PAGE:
The organization must also respect the right of the person to withdraw consent at any time, and notify the person of any changes that may affect the validity of consent. According to the CAI, where an organization seeks consent for a very long period of time, it should pay particular attention to transparency on an ongoing basis, and remind the person at appropriate intervals that it is using or disclosing their information on the basis of consent, remind of their right to withdraw consent at any time.

  (h) If the request for consent is made in writing, it must be presented separately from any other information provided to the person concerned [i.e. Separate]

The request for consent must be separate, that is, it must be submitted separately from any other information if it is made in writing. This element aims to ensure that the granting of consent is not confused with another action taken by the person, such as confirming that the terms and conditions have been read or that the information provided is valid. The request for consent must be presented separately rather than embedded in a privacy policy, a terms of use, or any another document.

  2. Consultation process

The CAI is holding a six-week consultation to seek comments on the Draft Guideline, running from May 16, 2023 to June 25, 2023 at 11:55 PM. The consultation allows participants to comment on the proposed guidelines and to share suggestions for future guidelines. The consultation document also lists 18 stakeholders, welcoming participants to either share their comments with one or more of these stakeholders, or even to collaborate with them in order to jointly produce a submission. It is worth noting that the final guidelines are only expected to be published by the CAI in October 2023, following the entry into force of the sanctions for non-compliance with consent requirements on September 22, 2023.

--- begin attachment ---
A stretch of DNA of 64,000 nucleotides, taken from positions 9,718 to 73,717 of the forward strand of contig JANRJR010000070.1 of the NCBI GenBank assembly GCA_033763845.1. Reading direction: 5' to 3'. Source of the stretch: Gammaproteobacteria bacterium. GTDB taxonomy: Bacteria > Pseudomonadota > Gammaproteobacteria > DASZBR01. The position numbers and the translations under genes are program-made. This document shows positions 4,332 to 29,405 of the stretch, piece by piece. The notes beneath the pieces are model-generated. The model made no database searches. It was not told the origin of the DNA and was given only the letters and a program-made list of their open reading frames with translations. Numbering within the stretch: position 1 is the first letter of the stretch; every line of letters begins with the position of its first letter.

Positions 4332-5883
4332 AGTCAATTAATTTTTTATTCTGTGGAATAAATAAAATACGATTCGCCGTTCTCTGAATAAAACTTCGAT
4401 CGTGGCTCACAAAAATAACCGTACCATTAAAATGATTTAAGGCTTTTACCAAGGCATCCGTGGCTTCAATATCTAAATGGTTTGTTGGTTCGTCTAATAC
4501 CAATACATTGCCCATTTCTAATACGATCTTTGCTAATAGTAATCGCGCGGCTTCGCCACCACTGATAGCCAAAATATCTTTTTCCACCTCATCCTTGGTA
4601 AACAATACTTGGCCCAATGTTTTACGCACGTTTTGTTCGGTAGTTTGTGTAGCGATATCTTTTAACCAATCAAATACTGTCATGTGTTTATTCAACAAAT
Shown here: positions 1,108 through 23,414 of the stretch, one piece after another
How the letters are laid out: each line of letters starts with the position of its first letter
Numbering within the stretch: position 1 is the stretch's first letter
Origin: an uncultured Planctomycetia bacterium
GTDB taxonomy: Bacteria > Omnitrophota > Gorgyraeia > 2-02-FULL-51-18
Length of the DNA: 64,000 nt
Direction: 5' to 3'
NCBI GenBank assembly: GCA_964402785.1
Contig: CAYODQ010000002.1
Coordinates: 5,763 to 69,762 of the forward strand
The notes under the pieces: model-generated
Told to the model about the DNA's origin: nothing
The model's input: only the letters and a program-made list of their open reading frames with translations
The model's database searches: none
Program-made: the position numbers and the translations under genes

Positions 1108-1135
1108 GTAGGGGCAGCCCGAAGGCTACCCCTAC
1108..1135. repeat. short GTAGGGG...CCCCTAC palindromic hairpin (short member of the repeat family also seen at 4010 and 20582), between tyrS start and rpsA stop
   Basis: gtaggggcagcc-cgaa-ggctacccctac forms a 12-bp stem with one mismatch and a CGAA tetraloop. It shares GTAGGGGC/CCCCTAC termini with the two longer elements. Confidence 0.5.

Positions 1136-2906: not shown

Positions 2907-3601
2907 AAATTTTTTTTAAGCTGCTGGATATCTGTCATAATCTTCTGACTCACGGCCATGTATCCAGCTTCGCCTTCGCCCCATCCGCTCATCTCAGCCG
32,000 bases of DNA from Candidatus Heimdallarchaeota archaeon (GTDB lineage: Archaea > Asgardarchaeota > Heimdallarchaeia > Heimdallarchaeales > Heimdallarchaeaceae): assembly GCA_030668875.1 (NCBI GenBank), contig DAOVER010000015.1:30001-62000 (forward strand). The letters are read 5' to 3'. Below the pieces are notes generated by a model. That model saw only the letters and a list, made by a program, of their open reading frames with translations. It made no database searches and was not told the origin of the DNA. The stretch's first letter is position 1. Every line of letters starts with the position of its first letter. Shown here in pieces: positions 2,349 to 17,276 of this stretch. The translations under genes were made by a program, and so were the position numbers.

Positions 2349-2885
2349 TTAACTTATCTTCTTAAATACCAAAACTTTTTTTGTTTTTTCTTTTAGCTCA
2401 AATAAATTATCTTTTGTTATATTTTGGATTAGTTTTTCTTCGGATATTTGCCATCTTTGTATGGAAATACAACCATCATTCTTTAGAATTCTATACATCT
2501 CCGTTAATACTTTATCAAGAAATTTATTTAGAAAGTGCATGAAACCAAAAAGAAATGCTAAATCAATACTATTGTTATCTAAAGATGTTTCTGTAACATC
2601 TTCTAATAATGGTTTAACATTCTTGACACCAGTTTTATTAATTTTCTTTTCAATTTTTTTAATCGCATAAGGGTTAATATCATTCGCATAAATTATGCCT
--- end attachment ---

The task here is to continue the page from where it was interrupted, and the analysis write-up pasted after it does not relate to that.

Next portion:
This consultation presents a valuable opportunity to contribute to the development of a clearly defined and thoughtfully developed framework for valid consent, which is essential for the protection of personal information and the prioritization of ongoing relationships of trust between organizations and individuals in this rapidly evolving domain. To participate in the consultation, please visit the CAI's website and fill out the online questionnaire It is worth noting that the guideline will not apply to the health sector, which is governed by its own domain-specific rules.[3]

To learn more about how our Cyber/Data Group can help you navigate the privacy and data landscape, please contact national co-leaders Charles Morgan and Daniel Glover.


[1] Note that the Draft Guideline is currently available in French only.

[2] Avis de consultation, Lignes directrices 2023-1 sur les critères de validité du consentement, published May 16 2023, p. 18.

[3] Avis de consultation, Lignes directrices 2023-1 sur les critères de validité du consentement, published May 16 2023, p. 1.